Released in 1993. HTD Records/Wildcat WLD-9205 [UK]
Reissued in 1999. Transatlantic TRACD 309 [UK]. Castle Music America 517 [USA].

1. No Place Like Home
2. All Points South
3. Fogbound
4. Sticky Wicket
5. Shortcomings
6. Code Blue
7. Angels
8. Anima Mundi
9. Swamp Report
10. Instinctive Behavior
11. Dominating Factor
12. Never The Same

All tracks written by Peter Banks except tracks 2, 6, 9, 12 – Banks/Goff and track 11 – Banks/Forth.
Published by Momentum Music Ltd. except track 11 – Momentum Music Ltd/Copyright Control.

Recorded at Basically Portable: Los Angeles; London Final Mix at Zero One, Surrey, England


by Mott The Dog
This superb, but alarmingly underrated guitarist has a fine pedigree, first coming to notice in the mid sixties in a wonderful flower power band called “Syn” with a certain Chris Squires on bass, then joined by vocalist Jon Anderson they became the marvellously monickered “Mabel Greer’s Toy Shop”. Finding this a bit of a mouthful, and with the addition of Toy Kaye on keyboards & Bill Bruford on drums, they found instant international acclaim as “Yes”.

Two wonderful albums followed “Yes”& “Time and a Word”, and at this point Peter Banks was booted out, due to his ambitions of entertaining an audience rather than trying to educate them (it was at this point that Mott became a fan, always wanting to have fun & cowering from education). To this day, Yes guitarist Steve Howe, and Trevor Rabin have made a career out of copying Bank’s trademark guitar licks.

Peter Banks went on to form “Flash” who released 3 respectable albums, once described as “Yes music played by Thunder & Lightning”, before being swamped by bad management & punk rock. After spending the eighties mainly in session work & looking for suitable musicians to work with, Peter Banks went solo in the nineties with this enchanting album “Instinct”.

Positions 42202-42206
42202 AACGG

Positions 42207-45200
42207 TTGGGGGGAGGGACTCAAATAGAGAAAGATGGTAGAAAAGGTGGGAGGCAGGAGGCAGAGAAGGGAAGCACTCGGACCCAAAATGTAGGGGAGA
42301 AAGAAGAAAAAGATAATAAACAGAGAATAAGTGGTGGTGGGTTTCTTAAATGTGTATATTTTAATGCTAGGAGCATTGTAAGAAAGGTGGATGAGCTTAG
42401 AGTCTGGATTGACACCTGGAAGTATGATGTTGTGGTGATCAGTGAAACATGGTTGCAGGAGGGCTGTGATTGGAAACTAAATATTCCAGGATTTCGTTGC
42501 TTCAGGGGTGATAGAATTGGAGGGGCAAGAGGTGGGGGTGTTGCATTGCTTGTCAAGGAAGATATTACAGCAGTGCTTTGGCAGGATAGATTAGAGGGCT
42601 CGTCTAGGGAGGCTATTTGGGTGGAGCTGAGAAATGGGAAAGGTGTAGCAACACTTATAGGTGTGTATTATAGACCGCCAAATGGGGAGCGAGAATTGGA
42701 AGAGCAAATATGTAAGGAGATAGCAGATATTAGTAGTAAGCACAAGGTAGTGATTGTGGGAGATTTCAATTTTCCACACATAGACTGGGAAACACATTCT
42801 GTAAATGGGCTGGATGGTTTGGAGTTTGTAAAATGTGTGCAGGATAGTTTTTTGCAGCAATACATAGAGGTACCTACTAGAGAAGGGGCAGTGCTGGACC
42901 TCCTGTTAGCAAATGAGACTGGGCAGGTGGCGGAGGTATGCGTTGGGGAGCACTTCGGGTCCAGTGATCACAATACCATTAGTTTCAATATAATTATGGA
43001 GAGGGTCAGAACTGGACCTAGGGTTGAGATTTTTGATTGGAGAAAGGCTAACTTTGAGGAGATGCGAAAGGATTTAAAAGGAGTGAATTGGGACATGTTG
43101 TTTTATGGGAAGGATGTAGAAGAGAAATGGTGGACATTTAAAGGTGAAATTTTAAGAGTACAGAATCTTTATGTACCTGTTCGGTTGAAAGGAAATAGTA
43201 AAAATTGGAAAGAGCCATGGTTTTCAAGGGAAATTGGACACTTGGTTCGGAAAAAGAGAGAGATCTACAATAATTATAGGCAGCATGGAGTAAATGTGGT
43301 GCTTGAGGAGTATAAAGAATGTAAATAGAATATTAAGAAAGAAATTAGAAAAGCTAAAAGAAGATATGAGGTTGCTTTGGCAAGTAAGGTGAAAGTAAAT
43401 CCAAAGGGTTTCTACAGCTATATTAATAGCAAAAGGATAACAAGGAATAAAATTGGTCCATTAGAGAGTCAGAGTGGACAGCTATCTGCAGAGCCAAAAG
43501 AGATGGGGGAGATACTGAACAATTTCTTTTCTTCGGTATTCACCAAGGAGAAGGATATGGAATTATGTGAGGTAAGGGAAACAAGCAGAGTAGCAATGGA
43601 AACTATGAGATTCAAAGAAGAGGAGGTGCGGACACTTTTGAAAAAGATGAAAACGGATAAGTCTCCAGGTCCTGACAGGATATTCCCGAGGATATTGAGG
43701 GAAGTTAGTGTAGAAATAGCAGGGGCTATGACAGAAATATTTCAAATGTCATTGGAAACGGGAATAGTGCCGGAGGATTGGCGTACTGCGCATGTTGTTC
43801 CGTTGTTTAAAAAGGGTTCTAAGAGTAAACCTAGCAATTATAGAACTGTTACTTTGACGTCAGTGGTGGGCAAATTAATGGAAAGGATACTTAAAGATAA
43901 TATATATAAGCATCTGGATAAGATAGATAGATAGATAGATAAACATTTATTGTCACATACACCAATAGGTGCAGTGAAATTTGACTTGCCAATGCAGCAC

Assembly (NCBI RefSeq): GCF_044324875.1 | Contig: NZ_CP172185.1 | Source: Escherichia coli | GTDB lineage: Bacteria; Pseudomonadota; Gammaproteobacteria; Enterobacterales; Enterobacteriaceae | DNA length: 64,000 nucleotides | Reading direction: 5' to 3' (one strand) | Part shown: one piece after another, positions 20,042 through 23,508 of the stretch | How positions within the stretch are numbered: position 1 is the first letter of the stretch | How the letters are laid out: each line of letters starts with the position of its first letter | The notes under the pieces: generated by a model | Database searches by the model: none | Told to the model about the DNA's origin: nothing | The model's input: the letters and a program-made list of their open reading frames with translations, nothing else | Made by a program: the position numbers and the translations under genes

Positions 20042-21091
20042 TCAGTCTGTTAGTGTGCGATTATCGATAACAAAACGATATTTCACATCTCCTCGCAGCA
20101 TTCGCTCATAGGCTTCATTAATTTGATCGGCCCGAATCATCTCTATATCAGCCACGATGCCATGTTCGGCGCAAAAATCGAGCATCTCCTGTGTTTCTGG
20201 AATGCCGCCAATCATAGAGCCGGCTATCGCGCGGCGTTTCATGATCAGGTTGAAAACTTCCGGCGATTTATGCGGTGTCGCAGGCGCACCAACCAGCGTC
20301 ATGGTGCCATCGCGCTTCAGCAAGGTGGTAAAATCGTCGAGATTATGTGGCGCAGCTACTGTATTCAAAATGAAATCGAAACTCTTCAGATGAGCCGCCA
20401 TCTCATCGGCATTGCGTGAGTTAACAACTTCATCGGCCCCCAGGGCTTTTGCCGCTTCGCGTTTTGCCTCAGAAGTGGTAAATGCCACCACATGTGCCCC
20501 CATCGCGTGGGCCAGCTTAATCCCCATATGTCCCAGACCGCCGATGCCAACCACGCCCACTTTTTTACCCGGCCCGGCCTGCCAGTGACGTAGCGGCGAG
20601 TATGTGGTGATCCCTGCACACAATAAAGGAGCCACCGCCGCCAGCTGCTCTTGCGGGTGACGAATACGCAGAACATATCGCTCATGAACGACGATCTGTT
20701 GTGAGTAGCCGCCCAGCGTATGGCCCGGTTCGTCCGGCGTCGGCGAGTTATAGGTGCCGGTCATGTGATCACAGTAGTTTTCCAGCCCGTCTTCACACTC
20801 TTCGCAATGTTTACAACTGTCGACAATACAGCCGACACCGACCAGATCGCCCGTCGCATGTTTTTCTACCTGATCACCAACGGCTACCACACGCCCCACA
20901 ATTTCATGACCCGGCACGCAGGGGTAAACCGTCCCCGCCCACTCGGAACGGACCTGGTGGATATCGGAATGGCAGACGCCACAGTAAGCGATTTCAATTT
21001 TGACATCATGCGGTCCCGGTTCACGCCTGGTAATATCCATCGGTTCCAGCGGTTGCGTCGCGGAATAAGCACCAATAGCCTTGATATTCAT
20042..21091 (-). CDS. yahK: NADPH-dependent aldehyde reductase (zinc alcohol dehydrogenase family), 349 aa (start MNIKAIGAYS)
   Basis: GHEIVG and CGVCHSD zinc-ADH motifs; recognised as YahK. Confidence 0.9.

From the opening rippling guitar chords of opening cut “No Place Home” to the final bell which closes the album your ears are held in thrall by this maestro of the six string.

An instrumental album, it always holds your attention by its diversity and humour (you will have to listen to the music to get that). Satriani, Vai, and Co would give their eye teeth to put out such a fine collection of fretwork & tunes.

The two central passages are track 4, “Sticky Wickets” played on a midi guitar synthesizer, which starts out funky, and then turns itself inside out to reach a shattering climax.

Before you have time to push the repeat button Banks is off again with track 5, “Short Comings” totally tasteless and not at all Jazzy with a relentless four in the bar bass drum, the night of a thousand guitars with Peter Banks, the fastest guitar slinger in town.

The final track is “Never The Same” a moving tribute to Peter Banks’s late mother. Never has such a beautiful piece of music been played on the electric guitar.

If you hear this music, like me I’m sure you will be mystified why Peter Banks is not an international star. The album cover & the inside sleeve notes are worth the price of the CD alone so you cannot lose. Dogs have superb instinct, trust this dogs instinct, and add this “Instinct” to you collection, you won’t regret it.


by Saley David William
Excellent instrumental rack guitar album. He must have been working on this ever since Flash broke up you can tell a lot of time and effort was put into each piece. There is a bit of experiment in this project and I think it turned out well. One funny thing in a lot of the tracks there are noises and voices in in the background and in track 5 “Shortcomings” you you can barely hear this woman say a reunion but where is Peter Banks? I guess that is his shot at Yes. A good album for people who like Steve Howe, Hackett Vai (he admits to being inspired by Vai on one tune- easy to tell which one also) etc. A guitar enthusiast must.


by All Music, Paul Collins
Emerging from a two-decade exile from recording, Banks released this album of rock instrumentals. It’s clearly a personal production for him; the liner notes give the biographical context of each song, which lends them a resonance that they might otherwise lack. The songs themselves, though not always especially compelling given the apparent lack of live drums, show Banks’s chops still in fine form. Often they’re shot through with odd little voice and broadcast samples. The pointedly titled “Shortcomings,” for example, combines Oliver North testifying that Iran-Contra was “a neat idea” with a caller to a Yes radio interview asking why Banks hadn’t been invited to a reunion concert. (Ouch.) The series of over-the-top hammer-ons that run through the song musically beg that question: “Surely I’m as good as Trevor Rabin?” Ah well. At least Banks has kept his sense of humor, for as his liner notes muse, “If you enjoy listening to it half as much as the enjoyment had recording it, then I have had twice as much fun as you!”